New York Times credits Irish diplomats for rescuing journalist from arrest in Egypt

The New York Times has revealed that it sought intervention from the Irish government to prevent the expected arrest of a journalist in Egypt.

New York Times credits Irish diplomats for rescuing journalist from arrest in Egypt

The New York Times has revealed that it sought intervention from the Irish government to prevent the expected arrest of a journalist in Egypt.

As part of an editorial on 'The growing threat to journalism around the world', New York Times publisher A. G. Sulzberger revealed the story of Declan Walsh, an Irish journalist who is Cairo bureau chief for the American newspaper.

A whistleblower in the US government informed the Times of Walsh's "imminent arrest" for his reporting on the death of an Italian student, Giulio Regeni, who was found dead on the side of a road in Cairo with torture marks on his body in February 2016.

"This particular call took a surprising and distressing turn. We learned the official was passing along this warning without the knowledge or permission of the Trump administration," wrote Mr Sulzberger.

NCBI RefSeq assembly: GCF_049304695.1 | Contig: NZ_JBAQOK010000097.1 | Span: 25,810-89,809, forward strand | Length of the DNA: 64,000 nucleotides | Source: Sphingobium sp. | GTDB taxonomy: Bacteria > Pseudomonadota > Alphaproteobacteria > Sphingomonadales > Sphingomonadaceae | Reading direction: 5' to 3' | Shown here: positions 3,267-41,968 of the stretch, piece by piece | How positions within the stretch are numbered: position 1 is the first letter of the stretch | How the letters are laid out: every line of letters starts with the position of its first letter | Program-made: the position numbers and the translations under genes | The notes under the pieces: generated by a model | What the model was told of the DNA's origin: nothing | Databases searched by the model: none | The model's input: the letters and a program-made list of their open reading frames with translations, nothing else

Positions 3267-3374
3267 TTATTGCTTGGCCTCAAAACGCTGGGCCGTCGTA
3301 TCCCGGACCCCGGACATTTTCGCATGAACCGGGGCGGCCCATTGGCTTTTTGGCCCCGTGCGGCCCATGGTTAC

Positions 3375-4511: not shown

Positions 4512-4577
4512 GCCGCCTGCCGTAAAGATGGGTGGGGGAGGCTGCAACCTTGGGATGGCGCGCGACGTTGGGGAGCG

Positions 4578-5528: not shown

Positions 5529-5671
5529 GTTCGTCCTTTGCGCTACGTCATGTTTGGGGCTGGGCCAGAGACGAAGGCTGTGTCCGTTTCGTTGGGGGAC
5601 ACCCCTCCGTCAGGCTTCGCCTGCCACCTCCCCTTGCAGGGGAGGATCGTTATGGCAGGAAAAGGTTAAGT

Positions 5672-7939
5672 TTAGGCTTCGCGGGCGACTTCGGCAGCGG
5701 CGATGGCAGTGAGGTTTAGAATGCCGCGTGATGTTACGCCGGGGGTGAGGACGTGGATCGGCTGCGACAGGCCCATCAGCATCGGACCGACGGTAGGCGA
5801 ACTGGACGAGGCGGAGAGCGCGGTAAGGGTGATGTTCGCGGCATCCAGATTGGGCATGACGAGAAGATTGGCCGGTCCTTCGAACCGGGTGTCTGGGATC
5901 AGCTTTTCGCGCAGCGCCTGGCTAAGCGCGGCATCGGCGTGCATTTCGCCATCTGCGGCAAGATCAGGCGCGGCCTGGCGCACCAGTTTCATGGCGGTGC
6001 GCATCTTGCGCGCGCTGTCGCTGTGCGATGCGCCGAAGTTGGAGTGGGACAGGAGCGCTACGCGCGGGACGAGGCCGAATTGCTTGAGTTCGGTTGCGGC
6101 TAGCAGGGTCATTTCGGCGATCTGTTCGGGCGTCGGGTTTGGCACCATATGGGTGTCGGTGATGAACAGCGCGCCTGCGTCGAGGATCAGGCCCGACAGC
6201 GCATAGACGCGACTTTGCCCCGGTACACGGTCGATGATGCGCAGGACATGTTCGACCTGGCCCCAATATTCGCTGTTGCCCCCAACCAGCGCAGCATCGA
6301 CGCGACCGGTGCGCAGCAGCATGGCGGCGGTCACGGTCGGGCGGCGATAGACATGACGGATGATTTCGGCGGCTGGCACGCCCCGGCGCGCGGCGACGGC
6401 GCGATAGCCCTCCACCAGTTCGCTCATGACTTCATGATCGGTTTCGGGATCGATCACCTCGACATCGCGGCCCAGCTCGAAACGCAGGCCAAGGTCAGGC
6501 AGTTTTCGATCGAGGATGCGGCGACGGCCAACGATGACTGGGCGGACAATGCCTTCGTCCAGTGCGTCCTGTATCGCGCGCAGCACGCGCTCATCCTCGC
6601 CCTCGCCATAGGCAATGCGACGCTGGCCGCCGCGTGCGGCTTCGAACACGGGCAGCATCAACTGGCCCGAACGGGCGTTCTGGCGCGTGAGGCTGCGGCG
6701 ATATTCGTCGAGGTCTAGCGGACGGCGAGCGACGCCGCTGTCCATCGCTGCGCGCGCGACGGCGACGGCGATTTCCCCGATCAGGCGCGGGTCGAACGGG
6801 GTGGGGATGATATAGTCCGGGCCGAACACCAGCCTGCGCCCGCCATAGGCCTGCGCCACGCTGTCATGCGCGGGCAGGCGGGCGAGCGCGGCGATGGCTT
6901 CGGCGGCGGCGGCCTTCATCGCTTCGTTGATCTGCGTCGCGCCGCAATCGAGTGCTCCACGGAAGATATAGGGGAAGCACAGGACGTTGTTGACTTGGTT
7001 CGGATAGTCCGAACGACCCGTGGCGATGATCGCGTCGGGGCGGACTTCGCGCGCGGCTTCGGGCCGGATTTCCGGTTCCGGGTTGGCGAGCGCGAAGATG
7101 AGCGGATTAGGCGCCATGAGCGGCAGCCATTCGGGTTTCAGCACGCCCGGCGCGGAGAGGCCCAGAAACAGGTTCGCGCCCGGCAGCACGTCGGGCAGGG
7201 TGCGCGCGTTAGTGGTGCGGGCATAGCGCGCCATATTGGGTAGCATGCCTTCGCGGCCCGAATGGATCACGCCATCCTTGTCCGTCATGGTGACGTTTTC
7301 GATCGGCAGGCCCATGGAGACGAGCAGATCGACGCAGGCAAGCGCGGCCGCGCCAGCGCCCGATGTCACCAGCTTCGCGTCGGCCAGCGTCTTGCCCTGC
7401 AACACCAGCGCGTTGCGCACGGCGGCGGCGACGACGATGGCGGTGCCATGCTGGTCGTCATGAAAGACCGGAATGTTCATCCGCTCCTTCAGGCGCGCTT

"Rather than trying to stop the Egyptian government or assist the reporter, the official believed, the Trump administration intended to sit on the information and let the arrest be carried out. The official feared being punished for even alerting us to the danger.

"Unable to count on our own government to prevent the arrest or help free Declan if he were imprisoned, we turned to his native country, Ireland, for help.

Within an hour, Irish diplomats traveled to his house and safely escorted him to the airport before Egyptian forces could detain him.

"We hate to imagine what would have happened had that brave official not risked their career to alert us to the threat."

Having been referred from the US Embassy to the Irish Embassy, Mr Walsh revealed on Twitter that a "cool, swift and fearless" diplomat was dispatched to his house within an hour and brought him to Cairo Airport, where he took the first available flight to Europe.

He returned to Cairo "weeks later" to resume his work.

Mr Sulzberger also included Taoiseach Leo Varadkar in a list of global leaders who have used the "deeply alarming" phrase 'fake news' to justify varying levels of anti-press activity.

He wrote: "It has been used by liberal leaders, like Ireland’s prime minister, Leo Varadkar. It’s been used by right-wing leaders, like Brazil’s president, Jair Bolsonaro. Standing next to President Bolsonaro in the Rose Garden, President Trump said, 'I’m very proud to hear the president use the term ‘fake news.’'"

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